The Fiscal Responsibility Act of 2023 Is a Pyrrhic Victory

The Fiscal Responsibility Act of 2023 suspended the debt limit and imposed new statutory caps on discretionary spending for the next two years. The Committee for a Responsible Federal Budget (CFRFB) congratulated House Republicans for success in reducing deficits; the Congressional Budget Office (CBO) estimates that the Act will reduce deficits by $1.5 trillion over the next decade relative to baseline estimates. But before we break out the champagne, we should note that this legislation fails to stop unsustainable growth in public debt. The CBO estimates that with this legislation in place, debt subject to the debt limit will grow from $31 trillion to $51 trillion over the next decade, and the CBO projects that debt will grow to more than 200 percent of GDP by midcentury.

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The explanation for this debacle is that Congress has experienced debt fatigue. For two decades, the statutory fiscal rules in place have been circumvented and suspended, including balanced budget provisions, debt limits, deficit limits, discretionary spending caps, PAYGO rules, etc. It is time for Congress to admit defeat, face the fact that our fiscal rules don’t work and the budget process is irrevocably broken.

Instead of tinkering with these failed fiscal rules, we should learn from the success of other countries, such as Switzerland, which have enacted effective fiscal rules and budget processes. The Swiss debt brake was enacted as a constitutional amendment through referendum, with support from 85 percent of Swiss citizens. With this debt brake in place over the past two decades, the Swiss cut debt as a share of GDP in half to about 30 percent. Swiss-style fiscal rules have been successfully enacted to restore sustainable levels of public debt in other European countries and in the European Union.

There are several reasons for the success of Swiss-style fiscal rules in restoring sustainable levels of public debt. The debt bake applies to a comprehensive budget, including all expenditures, with special provisions limiting spending on Social Security. The rules limit the growth in federal spending to the long-run growth in national income. The rules are flexible in achieving fiscal balance over the business cycle and in providing for emergency spending. Deficits incurred during a recession must be offset by surplus revenue in periods of economic expansion.  A separate fund was established to achieve this balance within a six-year time frame.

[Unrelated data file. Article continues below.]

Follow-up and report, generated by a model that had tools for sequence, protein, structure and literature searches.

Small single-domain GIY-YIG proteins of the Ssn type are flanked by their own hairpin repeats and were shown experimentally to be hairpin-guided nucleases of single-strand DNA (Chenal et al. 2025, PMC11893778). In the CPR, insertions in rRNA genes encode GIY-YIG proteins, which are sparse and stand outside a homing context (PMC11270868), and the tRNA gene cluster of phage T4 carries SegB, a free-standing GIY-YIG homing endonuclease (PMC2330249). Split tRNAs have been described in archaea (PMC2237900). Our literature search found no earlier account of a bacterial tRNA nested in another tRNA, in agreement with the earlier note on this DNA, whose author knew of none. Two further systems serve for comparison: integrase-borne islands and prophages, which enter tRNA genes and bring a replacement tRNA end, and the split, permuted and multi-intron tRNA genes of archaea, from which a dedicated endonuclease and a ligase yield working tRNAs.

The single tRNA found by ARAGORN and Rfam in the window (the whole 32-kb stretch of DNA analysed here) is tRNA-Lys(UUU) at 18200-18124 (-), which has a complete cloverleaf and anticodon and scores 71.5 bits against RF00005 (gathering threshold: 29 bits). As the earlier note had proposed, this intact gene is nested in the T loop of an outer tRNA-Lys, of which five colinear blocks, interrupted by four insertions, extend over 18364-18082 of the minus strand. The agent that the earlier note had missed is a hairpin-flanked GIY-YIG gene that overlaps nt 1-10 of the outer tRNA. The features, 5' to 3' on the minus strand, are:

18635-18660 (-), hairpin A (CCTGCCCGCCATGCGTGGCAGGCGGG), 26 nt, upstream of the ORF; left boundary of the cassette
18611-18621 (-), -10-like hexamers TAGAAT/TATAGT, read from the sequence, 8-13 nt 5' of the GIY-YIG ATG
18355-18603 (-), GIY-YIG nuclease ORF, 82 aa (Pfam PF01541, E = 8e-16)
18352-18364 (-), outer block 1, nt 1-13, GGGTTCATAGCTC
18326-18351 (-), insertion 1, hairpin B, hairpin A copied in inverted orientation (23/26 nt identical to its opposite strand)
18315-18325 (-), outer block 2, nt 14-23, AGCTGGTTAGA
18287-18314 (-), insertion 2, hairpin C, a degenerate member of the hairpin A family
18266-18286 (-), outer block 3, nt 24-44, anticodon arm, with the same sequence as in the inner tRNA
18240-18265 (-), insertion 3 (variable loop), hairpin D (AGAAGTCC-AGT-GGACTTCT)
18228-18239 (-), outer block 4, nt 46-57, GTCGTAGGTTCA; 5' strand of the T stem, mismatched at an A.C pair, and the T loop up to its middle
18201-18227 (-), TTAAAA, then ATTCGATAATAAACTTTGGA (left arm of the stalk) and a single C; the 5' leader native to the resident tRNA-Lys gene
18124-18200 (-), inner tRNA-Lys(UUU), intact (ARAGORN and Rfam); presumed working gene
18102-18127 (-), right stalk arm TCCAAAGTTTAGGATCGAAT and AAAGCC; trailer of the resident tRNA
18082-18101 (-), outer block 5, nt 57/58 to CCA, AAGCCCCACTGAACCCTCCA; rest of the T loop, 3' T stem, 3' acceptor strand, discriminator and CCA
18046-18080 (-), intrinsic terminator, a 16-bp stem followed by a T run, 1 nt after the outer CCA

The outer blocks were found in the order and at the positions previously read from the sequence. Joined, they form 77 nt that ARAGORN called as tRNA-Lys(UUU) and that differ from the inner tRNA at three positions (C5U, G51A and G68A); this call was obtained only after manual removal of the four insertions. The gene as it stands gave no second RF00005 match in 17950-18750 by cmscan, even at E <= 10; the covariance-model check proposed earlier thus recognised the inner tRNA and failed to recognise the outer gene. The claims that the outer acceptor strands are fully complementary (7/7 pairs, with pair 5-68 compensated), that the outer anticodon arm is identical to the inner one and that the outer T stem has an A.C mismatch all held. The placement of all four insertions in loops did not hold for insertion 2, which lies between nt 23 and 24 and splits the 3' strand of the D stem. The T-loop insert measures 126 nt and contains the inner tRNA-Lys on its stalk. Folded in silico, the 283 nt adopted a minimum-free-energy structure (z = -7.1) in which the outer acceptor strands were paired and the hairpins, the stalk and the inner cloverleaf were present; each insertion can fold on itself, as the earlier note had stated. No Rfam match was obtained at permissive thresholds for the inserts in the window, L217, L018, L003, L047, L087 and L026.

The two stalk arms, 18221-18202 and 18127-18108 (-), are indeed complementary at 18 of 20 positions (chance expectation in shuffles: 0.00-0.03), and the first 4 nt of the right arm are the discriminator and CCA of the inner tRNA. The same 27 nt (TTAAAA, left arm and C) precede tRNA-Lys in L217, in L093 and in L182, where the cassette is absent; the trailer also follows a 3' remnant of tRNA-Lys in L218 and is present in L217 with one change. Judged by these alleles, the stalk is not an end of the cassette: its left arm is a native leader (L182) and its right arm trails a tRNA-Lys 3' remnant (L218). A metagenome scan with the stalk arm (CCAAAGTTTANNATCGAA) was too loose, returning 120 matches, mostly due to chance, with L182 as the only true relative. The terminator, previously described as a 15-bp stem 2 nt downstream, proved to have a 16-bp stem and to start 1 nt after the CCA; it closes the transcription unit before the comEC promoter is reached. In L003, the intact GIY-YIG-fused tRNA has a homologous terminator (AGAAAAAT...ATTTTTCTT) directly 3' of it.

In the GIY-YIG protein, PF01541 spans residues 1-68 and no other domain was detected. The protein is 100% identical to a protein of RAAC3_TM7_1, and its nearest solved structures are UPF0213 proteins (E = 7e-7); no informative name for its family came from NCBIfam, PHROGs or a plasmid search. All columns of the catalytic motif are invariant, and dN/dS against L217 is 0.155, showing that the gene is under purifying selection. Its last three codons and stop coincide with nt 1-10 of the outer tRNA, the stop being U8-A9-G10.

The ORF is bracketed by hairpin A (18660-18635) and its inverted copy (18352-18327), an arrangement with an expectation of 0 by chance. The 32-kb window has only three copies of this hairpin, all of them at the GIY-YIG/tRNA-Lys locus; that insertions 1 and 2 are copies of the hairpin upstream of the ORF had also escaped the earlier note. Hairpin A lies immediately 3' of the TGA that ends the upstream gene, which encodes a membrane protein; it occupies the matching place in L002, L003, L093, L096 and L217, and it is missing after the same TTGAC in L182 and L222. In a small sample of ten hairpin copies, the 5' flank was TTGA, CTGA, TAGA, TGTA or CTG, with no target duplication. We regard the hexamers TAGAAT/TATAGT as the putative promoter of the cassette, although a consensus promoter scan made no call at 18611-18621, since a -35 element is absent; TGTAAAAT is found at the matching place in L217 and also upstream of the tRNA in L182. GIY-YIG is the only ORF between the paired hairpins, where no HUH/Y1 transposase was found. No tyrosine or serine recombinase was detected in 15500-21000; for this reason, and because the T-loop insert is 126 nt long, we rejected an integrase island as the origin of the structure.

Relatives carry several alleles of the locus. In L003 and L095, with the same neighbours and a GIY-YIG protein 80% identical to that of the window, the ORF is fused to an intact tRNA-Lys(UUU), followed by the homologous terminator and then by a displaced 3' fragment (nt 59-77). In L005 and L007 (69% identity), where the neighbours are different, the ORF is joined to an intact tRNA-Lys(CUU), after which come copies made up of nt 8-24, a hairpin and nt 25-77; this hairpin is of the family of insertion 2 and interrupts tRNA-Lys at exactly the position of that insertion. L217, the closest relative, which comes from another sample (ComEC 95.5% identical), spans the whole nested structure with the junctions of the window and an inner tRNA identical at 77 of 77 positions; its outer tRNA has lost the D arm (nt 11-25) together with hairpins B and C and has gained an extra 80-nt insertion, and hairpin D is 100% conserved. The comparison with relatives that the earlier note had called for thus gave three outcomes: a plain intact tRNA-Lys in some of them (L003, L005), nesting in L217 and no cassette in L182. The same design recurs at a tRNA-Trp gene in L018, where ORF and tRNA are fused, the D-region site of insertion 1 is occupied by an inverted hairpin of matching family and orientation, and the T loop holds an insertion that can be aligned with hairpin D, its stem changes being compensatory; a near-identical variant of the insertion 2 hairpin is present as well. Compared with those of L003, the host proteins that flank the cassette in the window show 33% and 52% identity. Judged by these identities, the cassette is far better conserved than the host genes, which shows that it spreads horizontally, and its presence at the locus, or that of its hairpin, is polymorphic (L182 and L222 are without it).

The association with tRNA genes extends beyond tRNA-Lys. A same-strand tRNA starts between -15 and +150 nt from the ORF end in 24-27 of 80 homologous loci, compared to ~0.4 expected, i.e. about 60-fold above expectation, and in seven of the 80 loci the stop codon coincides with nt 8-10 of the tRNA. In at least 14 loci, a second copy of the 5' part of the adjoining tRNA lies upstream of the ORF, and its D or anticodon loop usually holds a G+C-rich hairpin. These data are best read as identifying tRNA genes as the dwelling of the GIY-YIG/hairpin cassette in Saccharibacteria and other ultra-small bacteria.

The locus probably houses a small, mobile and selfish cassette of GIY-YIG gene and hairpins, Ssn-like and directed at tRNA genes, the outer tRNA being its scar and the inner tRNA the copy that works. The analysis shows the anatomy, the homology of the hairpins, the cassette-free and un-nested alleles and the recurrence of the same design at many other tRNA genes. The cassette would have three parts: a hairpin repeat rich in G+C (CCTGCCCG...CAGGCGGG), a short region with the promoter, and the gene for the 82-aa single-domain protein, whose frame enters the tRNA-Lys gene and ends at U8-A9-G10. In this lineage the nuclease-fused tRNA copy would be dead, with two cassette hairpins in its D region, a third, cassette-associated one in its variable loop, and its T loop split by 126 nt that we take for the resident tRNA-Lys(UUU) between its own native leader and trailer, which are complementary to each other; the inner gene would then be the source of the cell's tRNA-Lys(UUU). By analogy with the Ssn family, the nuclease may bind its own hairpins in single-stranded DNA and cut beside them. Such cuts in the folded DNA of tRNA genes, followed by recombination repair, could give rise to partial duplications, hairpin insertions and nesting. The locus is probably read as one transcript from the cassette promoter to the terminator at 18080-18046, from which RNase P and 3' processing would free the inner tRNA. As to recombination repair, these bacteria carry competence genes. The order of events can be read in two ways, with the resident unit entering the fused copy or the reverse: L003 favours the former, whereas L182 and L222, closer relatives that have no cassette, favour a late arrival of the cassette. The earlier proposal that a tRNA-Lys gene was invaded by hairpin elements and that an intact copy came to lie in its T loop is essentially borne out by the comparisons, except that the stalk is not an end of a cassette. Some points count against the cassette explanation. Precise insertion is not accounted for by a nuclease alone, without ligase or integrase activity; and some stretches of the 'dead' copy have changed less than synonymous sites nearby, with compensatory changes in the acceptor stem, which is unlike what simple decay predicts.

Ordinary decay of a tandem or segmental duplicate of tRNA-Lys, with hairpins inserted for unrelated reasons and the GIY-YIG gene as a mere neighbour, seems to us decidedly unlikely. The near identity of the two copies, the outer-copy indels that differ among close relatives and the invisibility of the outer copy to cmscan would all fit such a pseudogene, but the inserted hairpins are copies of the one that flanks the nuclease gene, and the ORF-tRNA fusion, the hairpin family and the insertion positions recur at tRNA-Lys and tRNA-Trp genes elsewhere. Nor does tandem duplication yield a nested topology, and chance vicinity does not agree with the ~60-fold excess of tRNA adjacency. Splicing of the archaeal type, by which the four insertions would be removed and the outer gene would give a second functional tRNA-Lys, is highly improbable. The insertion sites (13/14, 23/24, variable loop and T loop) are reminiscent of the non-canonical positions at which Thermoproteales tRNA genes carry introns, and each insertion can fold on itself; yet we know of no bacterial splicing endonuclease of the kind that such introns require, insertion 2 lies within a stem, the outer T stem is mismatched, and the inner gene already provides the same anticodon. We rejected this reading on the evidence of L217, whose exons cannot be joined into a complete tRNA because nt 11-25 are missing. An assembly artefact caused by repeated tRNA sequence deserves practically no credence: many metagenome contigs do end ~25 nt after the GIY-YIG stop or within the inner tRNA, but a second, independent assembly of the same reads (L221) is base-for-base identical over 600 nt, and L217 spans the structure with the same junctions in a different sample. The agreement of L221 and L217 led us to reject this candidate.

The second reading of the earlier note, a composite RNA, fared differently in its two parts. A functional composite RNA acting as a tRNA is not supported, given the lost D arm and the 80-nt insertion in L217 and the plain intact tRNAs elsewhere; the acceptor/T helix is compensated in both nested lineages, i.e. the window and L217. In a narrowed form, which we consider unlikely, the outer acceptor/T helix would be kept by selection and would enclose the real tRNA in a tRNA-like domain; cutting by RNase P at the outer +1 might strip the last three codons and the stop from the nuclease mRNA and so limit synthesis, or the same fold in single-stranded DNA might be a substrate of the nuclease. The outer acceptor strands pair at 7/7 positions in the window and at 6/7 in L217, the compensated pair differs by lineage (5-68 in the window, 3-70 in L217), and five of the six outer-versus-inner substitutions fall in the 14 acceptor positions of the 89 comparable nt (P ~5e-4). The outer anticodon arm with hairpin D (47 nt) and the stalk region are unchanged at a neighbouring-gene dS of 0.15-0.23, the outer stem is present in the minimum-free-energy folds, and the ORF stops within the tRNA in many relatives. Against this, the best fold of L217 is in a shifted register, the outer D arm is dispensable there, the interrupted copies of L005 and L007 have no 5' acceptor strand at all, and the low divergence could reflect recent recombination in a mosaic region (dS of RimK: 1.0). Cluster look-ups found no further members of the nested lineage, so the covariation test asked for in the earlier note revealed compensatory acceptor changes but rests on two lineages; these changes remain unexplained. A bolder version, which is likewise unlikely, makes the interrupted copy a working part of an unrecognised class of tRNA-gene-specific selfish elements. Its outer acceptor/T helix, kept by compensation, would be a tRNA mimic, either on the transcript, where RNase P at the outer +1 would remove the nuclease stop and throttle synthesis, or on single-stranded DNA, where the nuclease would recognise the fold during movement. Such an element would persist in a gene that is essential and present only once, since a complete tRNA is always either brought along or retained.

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Perhaps the most important reason for the success of the Swiss debt brake is that it is a constitutional measure embraced by citizens and elected officials alike. The constitutional language is straightforward, easily understood by citizens, and is linked to more detailed statutory enabling legislation.

If the United States had enacted Swiss-style fiscal rules three decades ago, we could have reduced debt as a share of GDP, just as the Swiss have. However, enacting Swiss-style fiscal rules today will be more challenging, as the recent debt ceiling battle reveals. There is little hope that Congress will enact effective fiscal rules either as statutory or constitutional measures.

Citizens should not accept defeat from a debt-weary Congress. Citizens can follow the lead of Switzerland and incorporate a Fiscal Responsibility Amendment in the Constitution. Article V gives citizens, as well as Congress, the right to propose amendments. In fact, citizens and their state representatives have been proposing Fiscal Responsibility Amendments for more than half a century; in 1979, two-thirds of the states had proposed such amendments. At that point, Congress was required to call the amendment convention, but Congress failed to fulfill this ministerial duty under Article V.

This year, citizens may finally see some light at the end of this tunnel. House Budget Committee Chairman Jody Arrington (R-TX) introduced HCR 24, which would require Congress to count these state resolutions and call the amendment convention. State attorneys general will also submit a mandamus suit claiming that Congress has failed to fulfill its obligation to call the convention. For too long, Congress has suffered from debt fatigue, and it is now up to citizens and their state representatives to exercise the power granted to them under Article V of the Constitution. We need not depend on our debt-weary elected officials in Congress.

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Barry Poulson ([email protected]) is a policy advisor with The Heartland Institute.

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